Researchers report that women with genetic mutations that put them at dramatically increased risk of developing breast cancer may also face a heightened risk from radiation used during medical screening and diagnosis.
The imaging tools that help doctors identify disease, injury or damage to the body have long been known to carry some risk of cancer, in large part because ionizing radiation can damage the genetic material in the body.
If the body is unable to repair that DNA damage, and if cells are changed permanently, they may go on to produce abnormal cells when they divide. When that occurs, these cells may become cancerous.
Scientists had postulated that women with the BRCA1 or BRCA2 genetic mutations might be especially vulnerable, as these genes are involved in the repair of DNA breaks, which can be caused by radiation from X-rays or CT scans.
In the study, published in the latest BMJ, researchers from the Netherlands Cancer Institute looked at 1,993 women older than 18. All of them carried the BRCA1/2 mutation. The women came from the Netherlands, France and the U.K. Their health status was monitored between 2006 and 2009.
The women were asked when, how often and at what age they had either a chest X-ray or mammogram. Of the 1,993 women, 43 percent were diagnosed with breast cancer. Those who had diagnostic screening using radiation to the chest between the ages of 20 and 29 experienced a 43 percent increased risk of breast cancer. Those who had such screenings at a younger age, before 20, increased their risk even more, by 62 percent.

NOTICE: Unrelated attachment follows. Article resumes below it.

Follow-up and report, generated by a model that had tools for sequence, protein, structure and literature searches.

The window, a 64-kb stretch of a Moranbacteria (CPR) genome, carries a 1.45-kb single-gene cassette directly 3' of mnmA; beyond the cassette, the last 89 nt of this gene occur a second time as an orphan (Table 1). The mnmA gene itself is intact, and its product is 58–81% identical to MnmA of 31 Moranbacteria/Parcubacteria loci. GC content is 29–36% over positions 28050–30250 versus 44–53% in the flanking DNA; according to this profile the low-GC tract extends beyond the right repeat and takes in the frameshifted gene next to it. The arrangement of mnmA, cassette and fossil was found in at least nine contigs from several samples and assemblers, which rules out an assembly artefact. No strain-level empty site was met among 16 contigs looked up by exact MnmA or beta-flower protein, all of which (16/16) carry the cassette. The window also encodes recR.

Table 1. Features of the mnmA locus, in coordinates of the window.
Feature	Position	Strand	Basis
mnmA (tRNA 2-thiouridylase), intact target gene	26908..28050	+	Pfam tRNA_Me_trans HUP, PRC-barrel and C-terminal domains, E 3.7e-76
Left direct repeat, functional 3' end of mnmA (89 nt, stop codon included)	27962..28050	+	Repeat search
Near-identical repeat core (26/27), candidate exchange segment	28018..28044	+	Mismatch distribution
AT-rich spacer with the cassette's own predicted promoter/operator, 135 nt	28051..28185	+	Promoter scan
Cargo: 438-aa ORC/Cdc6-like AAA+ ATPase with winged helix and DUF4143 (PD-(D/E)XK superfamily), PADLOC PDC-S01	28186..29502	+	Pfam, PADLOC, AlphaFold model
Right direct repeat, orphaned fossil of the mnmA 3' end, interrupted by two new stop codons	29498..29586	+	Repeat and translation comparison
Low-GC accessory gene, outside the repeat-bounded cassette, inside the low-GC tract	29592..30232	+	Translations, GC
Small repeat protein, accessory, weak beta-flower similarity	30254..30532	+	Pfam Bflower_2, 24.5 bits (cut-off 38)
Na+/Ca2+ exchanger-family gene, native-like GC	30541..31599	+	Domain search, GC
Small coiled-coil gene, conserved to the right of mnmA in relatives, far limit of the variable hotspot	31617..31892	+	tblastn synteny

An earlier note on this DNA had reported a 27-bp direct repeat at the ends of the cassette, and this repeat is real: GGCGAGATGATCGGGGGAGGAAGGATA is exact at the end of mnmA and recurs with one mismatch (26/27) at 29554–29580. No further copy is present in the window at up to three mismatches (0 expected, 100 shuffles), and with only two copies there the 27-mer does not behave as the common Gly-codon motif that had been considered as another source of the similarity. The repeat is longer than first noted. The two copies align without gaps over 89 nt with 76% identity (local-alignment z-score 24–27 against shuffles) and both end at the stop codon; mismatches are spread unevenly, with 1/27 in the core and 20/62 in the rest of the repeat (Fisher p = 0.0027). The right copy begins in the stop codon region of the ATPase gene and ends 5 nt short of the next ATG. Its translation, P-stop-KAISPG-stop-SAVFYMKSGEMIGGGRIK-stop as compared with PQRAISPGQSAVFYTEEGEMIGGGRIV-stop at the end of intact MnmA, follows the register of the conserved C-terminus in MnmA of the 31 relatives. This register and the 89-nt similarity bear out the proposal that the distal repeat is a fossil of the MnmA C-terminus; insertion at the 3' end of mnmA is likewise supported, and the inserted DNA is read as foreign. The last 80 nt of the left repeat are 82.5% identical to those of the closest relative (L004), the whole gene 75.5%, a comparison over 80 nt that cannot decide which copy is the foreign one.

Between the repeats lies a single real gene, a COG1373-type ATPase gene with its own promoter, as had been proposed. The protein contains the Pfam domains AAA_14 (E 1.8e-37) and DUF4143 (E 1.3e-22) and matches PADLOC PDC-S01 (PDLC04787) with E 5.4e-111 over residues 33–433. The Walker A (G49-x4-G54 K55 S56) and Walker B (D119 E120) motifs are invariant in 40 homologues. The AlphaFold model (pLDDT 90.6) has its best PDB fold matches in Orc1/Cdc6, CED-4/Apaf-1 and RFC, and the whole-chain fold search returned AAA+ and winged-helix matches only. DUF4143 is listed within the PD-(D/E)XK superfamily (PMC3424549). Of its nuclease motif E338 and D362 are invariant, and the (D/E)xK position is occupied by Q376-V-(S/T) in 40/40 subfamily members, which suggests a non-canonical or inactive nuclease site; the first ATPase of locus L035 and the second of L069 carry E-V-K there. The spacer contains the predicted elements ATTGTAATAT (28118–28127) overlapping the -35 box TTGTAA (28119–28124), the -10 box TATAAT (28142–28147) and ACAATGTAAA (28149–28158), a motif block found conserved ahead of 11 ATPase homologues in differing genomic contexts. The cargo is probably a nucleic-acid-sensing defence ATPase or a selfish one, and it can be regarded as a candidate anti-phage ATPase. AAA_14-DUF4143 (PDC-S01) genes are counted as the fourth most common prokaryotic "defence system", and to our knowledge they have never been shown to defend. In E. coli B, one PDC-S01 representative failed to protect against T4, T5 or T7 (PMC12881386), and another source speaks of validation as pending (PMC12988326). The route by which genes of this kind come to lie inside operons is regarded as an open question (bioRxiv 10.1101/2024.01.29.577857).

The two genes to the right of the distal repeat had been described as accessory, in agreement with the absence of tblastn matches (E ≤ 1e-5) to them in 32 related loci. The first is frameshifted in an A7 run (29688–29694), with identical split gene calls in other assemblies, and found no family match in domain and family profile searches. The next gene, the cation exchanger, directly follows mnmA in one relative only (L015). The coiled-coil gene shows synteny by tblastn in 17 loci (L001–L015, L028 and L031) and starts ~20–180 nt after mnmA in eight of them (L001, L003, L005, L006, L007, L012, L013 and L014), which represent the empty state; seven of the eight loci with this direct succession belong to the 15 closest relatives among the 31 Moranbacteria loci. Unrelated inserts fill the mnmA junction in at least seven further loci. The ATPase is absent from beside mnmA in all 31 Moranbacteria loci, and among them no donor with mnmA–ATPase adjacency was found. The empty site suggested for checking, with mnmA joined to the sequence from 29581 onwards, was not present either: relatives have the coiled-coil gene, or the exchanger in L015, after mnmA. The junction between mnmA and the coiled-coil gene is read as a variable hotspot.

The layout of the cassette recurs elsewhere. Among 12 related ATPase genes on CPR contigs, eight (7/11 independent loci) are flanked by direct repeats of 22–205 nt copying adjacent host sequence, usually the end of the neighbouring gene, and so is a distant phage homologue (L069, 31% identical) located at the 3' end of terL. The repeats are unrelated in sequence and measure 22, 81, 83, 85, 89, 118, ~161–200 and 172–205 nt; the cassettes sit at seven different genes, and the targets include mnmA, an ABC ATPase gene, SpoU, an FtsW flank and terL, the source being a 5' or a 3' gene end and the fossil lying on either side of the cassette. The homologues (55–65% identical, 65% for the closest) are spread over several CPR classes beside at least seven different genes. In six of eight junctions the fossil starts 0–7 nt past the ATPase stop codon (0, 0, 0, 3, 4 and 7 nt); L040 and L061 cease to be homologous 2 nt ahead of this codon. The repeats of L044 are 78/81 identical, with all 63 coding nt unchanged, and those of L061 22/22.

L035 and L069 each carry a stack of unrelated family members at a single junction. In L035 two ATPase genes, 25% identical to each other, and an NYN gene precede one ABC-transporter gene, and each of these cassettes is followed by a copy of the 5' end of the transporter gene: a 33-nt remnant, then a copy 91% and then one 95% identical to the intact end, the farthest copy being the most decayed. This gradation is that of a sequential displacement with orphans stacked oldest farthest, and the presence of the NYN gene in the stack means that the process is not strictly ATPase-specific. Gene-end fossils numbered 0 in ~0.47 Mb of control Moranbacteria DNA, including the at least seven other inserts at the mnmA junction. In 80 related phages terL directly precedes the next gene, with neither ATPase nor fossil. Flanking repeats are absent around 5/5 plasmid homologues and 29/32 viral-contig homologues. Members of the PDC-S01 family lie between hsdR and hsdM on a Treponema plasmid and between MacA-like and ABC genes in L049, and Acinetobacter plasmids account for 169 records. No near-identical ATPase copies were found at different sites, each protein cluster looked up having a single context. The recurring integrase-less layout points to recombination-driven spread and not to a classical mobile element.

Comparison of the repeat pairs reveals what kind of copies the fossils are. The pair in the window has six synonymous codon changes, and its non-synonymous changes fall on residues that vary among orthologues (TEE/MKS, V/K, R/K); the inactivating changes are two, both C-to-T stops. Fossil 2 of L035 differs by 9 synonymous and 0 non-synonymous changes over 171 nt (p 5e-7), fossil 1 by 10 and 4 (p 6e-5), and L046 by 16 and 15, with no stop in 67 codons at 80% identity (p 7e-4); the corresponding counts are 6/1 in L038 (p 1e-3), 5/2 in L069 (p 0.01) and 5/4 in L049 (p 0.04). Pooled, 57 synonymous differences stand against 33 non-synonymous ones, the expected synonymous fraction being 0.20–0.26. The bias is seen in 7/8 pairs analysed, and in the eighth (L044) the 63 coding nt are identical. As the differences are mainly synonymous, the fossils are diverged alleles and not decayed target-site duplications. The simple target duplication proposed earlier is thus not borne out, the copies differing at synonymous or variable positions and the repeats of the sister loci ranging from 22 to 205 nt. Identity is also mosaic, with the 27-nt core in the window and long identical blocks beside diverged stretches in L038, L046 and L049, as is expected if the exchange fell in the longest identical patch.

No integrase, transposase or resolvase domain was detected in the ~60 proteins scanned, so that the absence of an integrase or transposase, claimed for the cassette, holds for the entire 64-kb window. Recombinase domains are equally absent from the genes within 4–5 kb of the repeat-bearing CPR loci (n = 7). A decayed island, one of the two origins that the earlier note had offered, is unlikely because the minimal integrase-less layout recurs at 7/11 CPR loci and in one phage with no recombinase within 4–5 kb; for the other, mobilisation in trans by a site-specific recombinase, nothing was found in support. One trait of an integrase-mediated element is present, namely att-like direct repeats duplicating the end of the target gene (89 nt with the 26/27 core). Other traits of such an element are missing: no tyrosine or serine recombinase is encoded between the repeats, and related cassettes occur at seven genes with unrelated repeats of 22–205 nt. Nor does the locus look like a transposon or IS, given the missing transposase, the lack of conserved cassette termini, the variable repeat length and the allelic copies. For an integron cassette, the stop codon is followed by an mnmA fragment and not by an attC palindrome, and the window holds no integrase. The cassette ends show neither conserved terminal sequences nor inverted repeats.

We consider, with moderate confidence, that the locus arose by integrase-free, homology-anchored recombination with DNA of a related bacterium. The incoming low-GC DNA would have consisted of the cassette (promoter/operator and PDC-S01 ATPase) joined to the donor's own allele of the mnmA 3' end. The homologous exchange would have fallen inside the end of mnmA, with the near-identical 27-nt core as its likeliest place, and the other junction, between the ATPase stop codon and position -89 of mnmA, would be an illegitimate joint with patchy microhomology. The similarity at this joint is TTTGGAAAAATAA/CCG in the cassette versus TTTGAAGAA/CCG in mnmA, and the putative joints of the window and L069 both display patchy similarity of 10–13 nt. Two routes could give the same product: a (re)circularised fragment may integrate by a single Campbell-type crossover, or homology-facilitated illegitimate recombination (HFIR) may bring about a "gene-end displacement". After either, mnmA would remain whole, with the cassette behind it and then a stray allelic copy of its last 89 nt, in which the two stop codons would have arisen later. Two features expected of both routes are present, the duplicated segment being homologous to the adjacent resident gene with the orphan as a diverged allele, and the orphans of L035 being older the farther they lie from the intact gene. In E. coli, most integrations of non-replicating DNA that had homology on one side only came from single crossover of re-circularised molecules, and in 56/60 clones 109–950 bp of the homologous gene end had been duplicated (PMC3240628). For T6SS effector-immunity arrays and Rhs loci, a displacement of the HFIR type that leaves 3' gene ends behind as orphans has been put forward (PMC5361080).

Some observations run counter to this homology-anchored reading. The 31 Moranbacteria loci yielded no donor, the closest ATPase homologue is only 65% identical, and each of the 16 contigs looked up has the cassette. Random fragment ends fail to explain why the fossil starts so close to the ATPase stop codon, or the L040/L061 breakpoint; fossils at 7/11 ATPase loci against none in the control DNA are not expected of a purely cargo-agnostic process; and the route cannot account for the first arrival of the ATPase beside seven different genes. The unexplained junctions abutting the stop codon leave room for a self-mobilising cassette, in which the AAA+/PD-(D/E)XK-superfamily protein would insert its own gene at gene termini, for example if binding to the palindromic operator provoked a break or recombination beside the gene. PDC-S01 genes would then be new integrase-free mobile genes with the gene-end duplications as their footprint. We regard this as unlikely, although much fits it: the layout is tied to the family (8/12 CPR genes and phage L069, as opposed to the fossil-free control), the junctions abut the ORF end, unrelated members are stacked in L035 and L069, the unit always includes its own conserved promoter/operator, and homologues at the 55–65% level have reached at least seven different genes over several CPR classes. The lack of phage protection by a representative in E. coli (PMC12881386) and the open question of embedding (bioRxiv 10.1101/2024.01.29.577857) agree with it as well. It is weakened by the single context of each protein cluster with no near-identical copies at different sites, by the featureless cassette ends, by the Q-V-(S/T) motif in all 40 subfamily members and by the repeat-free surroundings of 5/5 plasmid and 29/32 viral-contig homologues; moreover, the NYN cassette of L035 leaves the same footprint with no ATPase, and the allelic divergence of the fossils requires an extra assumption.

The authors conclude that "exposure to diagnostic radiation before age 30 is associated with an increased breast cancer risk in BRCA1/2 mutation carriers" and recommend that if a girl or young woman needs diagnostic evaluation via X-ray or CT scan for any reason (concern about heart defects, pneumonia or organ damage, for example) they should receive an MRI, which does not use radiation.
At the same time, the study found no apparent link to breast cancer among women who got mammograms after age 30. This is somewhat reassuring, as most health experts recommend women who carry these mutations don't begin regular screening until age 30.
"There's no question this is a large increase in risk," said Dr. Len Lichtenfeld, deputy chief medical officer for the American Cancer Society.
He added that the findings are cautionary and should "give physicians and patients pause when considering a nonessential X-ray or CAT scan." If the study findings "get people to stop for just a moment to think about what they are doing and why, then it's a good thing," he said. In some cases, he added, other alternatives will work out fine — like a good, old-fashioned physical exam.